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1. Introduction Student-owned personal mobile devices might be ubiquitous on university campuses but mainly are still “hidden in students’ pockets”, remaining under-utilised in the classroom (Herrington, Herrington, Mantei, Olney, & Ferry, 2009, p. 12). The potential of mobile technology for learning remains promising: technology-enabled or enhanced learning (mobile learning, or m-learning) can give students better control over their educational experiences, help them personalise learning based on their needs, interests and locations and support their inquiries by enabling collaboration, peer review, timely feedback and authentic assessment (Jones, Scanlon, & Clough, 2013). Student adoption of m-learning practices presents an important area of inquiry (Park, Nam, & Cha, 2012). Park et al. (2012) identified such factors as students’ attitudes towards m-learning, their perception of its relevance to their academic disciplines as well as to their future job prospects as significant. However, mobile device distribution is not always uniform. According to a study conducted on a regional Australian university campus (Farley et al., 2015), students who studied on campus, those who were in their first year of study and those who were unemployed or from non-English speaking households were less likely to own a personal mobile device (such as a smartphone). The statistic that lower socioeconomic status (SES) students are less likely to own a smartphone than higher SES students (Anderson, 2014) is of importance to Australian universities where lower SES students tend to be overrepresented (Shah, Bennett, & Southgate, 2015). Addressing the disproportionate device ownership, universities introduce initiatives aiming to provide students with devices or to help educators better utilise devices their students already own. These initiatives may include BYOD and prescribed device programs or a combination of the two. While the abbreviation BYOD is relatively new (Field, 2011) – the trend itself is not. Situated within the context of the consumerisation of Information Technology, BYOD (or ‘Bring Your Own Device’), is now a common occurrence in the lexicon of organisations, including higher education institutions. As such, references to BYOD can be found in educational policies, teaching and learning plans and other strategic documents identifying an institution’s preferred approach to the use of personal mobile technologies present on campus (Afreen, 2014). Within the higher education context, the BYOD policies are articulated and adopted to facilitate the use of personal devices across learning contexts, the primary aspiration behind it being the creation of what Pegrum, Oakley and Faulkner (2013) refer to as ‘seamless learning spaces’ where learning is not fixed in space and time (Looi et al., 2010). On the opposite end of a personal technology use spectrum is a prescribed (or minimum standard) approach which indicates the institution’s drive to better monitor and control how students and other stakeholders utilise technology by prescribing what devices they can or should use on campus. In the actuality, however, universities rarely specifically commit to either BYOD or a prescribed approach but rather tend to have a non-specified hybrid approach in place as far as mobile technology on campus is concerned. Furthermore, academics who are engaged in teaching are likely already leveraging the presence of personal mobile technologies in their classrooms, whether it is for student engagement, motivation, peer collaboration or other reasons (Carroll, Diaz, Meiklejohn, Newcomb, & Adkins, 2013; J.-C. Woo, 2014; K. Woo et al., 2008; Zheng, Niiya, & Warschauer, 2015). However, what remains unclear is how either of the approaches to the use of personal mobile technology on campus impacts on various aspects of student learning. This paper contributes to the growing body of scholarship concerned with issues around BYOD and prescribed technology for learning. It reports on findings of an institutional case study of a mobile learning initiative undertaken throughout 2014-2015 at an Australian university. The project investigated student experiences with BYOD and prescribed technology approaches to the use of personal mobile devices for learning. Student participants were loaned a Tablet device and instructed on how to use it for learning activities throughout a teaching period. Students were then invited to fill out an anonymous online survey about their experiences with and preferences for technology for mlearning. Four students who filled out a survey were also interviewed to generate deeper insights. Findings shed light on the question of how students used their owned and/or loaned mobile devices for 2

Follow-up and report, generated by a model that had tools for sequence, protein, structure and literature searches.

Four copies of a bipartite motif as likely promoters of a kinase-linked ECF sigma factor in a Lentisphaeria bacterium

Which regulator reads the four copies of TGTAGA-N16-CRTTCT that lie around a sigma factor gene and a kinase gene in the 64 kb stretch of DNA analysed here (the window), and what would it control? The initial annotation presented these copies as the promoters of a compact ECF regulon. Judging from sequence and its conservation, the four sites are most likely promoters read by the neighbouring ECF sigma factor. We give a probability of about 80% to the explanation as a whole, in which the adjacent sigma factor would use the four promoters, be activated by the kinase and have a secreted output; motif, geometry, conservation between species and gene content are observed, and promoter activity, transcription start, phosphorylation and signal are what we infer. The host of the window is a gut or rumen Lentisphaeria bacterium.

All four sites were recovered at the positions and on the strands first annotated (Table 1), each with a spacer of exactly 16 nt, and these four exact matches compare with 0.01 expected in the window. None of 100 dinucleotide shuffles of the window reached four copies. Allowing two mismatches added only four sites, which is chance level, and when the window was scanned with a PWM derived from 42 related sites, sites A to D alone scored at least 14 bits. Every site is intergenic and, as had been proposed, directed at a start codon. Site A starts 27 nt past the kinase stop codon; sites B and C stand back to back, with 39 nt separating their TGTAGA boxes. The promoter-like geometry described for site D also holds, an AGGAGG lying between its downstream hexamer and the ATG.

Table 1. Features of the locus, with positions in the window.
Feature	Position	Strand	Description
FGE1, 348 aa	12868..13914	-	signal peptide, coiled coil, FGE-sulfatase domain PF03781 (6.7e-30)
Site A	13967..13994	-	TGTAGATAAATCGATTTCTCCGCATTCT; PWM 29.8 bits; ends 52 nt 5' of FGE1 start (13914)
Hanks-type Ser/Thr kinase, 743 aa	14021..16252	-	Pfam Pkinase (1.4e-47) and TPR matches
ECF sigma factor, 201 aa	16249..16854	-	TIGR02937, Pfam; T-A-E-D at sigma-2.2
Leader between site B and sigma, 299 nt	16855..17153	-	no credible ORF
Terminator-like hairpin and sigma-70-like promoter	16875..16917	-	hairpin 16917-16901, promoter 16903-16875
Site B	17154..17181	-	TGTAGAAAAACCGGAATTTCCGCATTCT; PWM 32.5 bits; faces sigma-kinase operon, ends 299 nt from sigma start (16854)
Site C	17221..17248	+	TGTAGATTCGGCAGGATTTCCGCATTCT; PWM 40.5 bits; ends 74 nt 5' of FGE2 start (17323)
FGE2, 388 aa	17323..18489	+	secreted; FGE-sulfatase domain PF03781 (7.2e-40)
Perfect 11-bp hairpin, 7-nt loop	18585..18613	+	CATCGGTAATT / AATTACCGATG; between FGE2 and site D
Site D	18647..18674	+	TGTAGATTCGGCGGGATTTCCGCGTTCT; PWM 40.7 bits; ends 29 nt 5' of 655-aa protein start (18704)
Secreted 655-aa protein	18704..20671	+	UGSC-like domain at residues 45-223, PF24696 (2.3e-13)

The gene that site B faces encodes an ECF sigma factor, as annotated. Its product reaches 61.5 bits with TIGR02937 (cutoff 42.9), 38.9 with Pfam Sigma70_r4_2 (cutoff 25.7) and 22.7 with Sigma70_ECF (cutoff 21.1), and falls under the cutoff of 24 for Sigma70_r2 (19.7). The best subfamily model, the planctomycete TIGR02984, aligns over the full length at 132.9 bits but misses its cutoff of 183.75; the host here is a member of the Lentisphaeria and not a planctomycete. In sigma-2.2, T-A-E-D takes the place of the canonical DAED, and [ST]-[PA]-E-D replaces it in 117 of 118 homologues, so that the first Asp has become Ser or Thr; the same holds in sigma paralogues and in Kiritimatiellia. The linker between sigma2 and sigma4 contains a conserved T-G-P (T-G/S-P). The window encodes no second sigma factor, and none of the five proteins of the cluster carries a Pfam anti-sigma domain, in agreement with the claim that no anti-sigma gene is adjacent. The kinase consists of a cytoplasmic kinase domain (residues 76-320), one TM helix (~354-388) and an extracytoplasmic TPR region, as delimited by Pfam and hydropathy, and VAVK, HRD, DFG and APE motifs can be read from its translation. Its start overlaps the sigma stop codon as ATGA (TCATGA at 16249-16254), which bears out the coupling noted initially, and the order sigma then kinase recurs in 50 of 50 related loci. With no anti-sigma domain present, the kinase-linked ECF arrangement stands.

learning, what kind of skills they developed as a result and what determined their device choices. While it could be contended that the issue of BYOD vs. prescribed technology is primarily a policy question, concerned with administrative preferences and costs, we argue that it is rather the question of how to take advantage of mobile devices already present in the classroom while at the same time ensuring that access to devices for learning is equitable. While policy is indeed an important consideration in this debate, there are also direct implications for learning where students’ ownership of or preferences for devices are concerned.